Prepare your Mac for the OS X 10.11 'El Capitan' upgrade

Apple is scheduled to release the next version of OS X - OS X 10.11 'El Capitan' - later today, which means that you still have time to carry out some last-minute preparations ahead of the upgrade.
Written by Adrian Kingsley-Hughes, Contributing Writer

Apple is scheduled to release the next version of OS X - OS X 10.11 'El Capitan' - later today, which means that you still have time to carry out some last-minute preparations ahead of the upgrade.

Will your Mac run El Capitan?

Before you go all hog wild excited, first make sure that your Mac can run El Capitan.

The simple rule of thumb is that if you're running OS X 10.9 Mavericks or OS X 10.10 Yosemite then you're good to go, although not all features will be available to those running older hardware. Upgrades to El Capitan are possible from OS X versions going back to Snow Leopard (10.6).

If you're running OS X 10.5 Leopard then you'll have to upgrade to Snow Leopard first via the old-school method of using a DVD. The privilege of upgrading to Snow Leopard just so you can download the free El Capitan upgrade will cost you $20.

Here is a complete list of compatible Macs:

  • iMac: Mid 2007 or newer
  • MacBook: Aluminum Late 2008 | Early 2009 or newer
  • MacBook Air: Late 2008 or newer
  • MacBook Pro: 13-inch, Mid 2009 or newer | 15-inch, Mid/Late 2007 or newer | 17-inch, Late 2007 or newer
  • Mac Mini: Early 2009 or newer
  • Mac Pro: Early 2008 or newer
  • Xserve: Early 2009

What about disk space?

You're going to need around 10GB of free space to carry out the upgrade. If you know your way around OS X then you'll know some of the places to look for detritus that you can delete (think the Downloads or MobileSync folders, or that folder on your desktop where you keep all the funny memes and cat videos you've found).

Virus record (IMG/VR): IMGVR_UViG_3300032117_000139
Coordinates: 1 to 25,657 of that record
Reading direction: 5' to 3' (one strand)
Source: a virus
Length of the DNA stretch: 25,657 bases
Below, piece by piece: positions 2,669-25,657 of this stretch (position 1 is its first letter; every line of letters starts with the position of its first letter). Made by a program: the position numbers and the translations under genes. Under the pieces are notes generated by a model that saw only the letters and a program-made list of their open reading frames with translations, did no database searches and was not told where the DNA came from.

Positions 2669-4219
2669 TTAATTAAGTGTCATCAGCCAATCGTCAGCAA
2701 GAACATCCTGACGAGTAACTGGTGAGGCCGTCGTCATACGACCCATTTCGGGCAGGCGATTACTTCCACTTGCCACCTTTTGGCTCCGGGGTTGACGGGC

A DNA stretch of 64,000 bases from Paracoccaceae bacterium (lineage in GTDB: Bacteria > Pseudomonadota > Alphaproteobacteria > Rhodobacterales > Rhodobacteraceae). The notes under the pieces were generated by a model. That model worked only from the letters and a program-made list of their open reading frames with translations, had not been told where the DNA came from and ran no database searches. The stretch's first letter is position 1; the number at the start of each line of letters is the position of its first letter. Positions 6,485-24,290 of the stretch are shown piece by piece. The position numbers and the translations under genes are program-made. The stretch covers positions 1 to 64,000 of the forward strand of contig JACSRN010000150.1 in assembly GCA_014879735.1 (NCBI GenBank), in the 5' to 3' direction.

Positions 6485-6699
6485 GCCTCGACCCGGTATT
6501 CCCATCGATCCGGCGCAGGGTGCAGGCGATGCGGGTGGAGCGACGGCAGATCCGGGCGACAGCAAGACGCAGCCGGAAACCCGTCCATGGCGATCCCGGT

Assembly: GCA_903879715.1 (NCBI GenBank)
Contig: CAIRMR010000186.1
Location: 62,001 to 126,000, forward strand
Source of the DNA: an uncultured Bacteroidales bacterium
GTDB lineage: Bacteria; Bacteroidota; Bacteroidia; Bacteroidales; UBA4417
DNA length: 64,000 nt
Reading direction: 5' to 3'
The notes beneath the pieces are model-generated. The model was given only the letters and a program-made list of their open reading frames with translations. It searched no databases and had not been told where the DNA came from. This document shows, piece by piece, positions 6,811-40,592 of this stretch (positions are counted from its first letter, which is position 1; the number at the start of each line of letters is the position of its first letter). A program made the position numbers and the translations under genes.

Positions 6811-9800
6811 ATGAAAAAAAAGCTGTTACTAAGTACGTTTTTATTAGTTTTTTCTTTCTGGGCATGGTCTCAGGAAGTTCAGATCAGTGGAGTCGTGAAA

If you're not that familiar with the OS X file system then there are apps that can help you do this, such as DaisyDisk or Clean My Mac.

Upgrade your apps

It's a good idea to upgrade any and all apps (those downloaded from the Mac App Store and those that have come directly from the vendor) that you use before shifting up to El Capitan. But bear a few things in mind:

  • Some developers may not have released El Capitan-compatible apps yet, so things that used to work might not work the same once you've upgraded.
  • Some apps will require a paid upgrade, so factor that cost into the equation.
  • Abandoned apps won't receive upgrades, so if the upgrade to El Capitan breaks something, well, you're then the proud owner of a broken app.

RoaringApps has an excellent resource for checking out application compatibility.

Backup. Backup! BACKUP!!!

Picture this scenario. You've tried to upgrade your Mac but something catastrophic happened, and now all your data is gone? Would you be sad? Angry? Upset? Paralyzed with fear over everything you've lost?

Well, fear not. Realize that none of this has yet happened and MAKE A BACKUP OF YOUR SYSTEM BEFORE YOU CARRY OUT THE UPGRADE!

Check your system disk

Not really vital but I like to do this for peace of mind because OS upgrades put quite a strain on storage.

To do this go to Applications > Utilities and fire up Disk Utility. Select your startup partition in the left column (located under your storage device's name) and then click Verify Disk.

If you discover any problems then you'd be foolhardy to perform an upgrade before fixing those issues.


If you're using any third-party disk encryption software, you'd be wise to disable this before the upgrade, because if things go wrong, you're going to be in a world of pain (and more than likely reaching for that backup you just made).

Same goes for Snow Leopard users with FileVault enabled. Disable this, carry out the upgrade, and then switch to FileVault 2.

Don't rush!

I know that new stuff is cool, and it's doubly cool when it's free, but there's no reason to rush into upgrading to El Capitan.

If your system is critical, then it might be a good idea to hold back on upgrading. After all, it's not like El Capitan is a limited resource. If you don't upgrade today, it'll still be there when you decide you're ready, complete with patches and bug-fixes.

To be honest with you, if my job wasn't partly to feel the pain of newly released stuff so you don't have to, I'd probably give El Capitan a few weeks more to mature before installing it, and I won't install it on my main workhorses until I've seen what mayhem it's going to cause on non-vital 'sacrificial' systems first.

Sometimes you gotta slow down to go fast.

Ready to upgrade?

Hit the Mac App Store, click that button, and wait for the update to roll in.

See also:

'Must-have' MacBook and MacBook Pro accessories (Sept 2015)

Editorial standards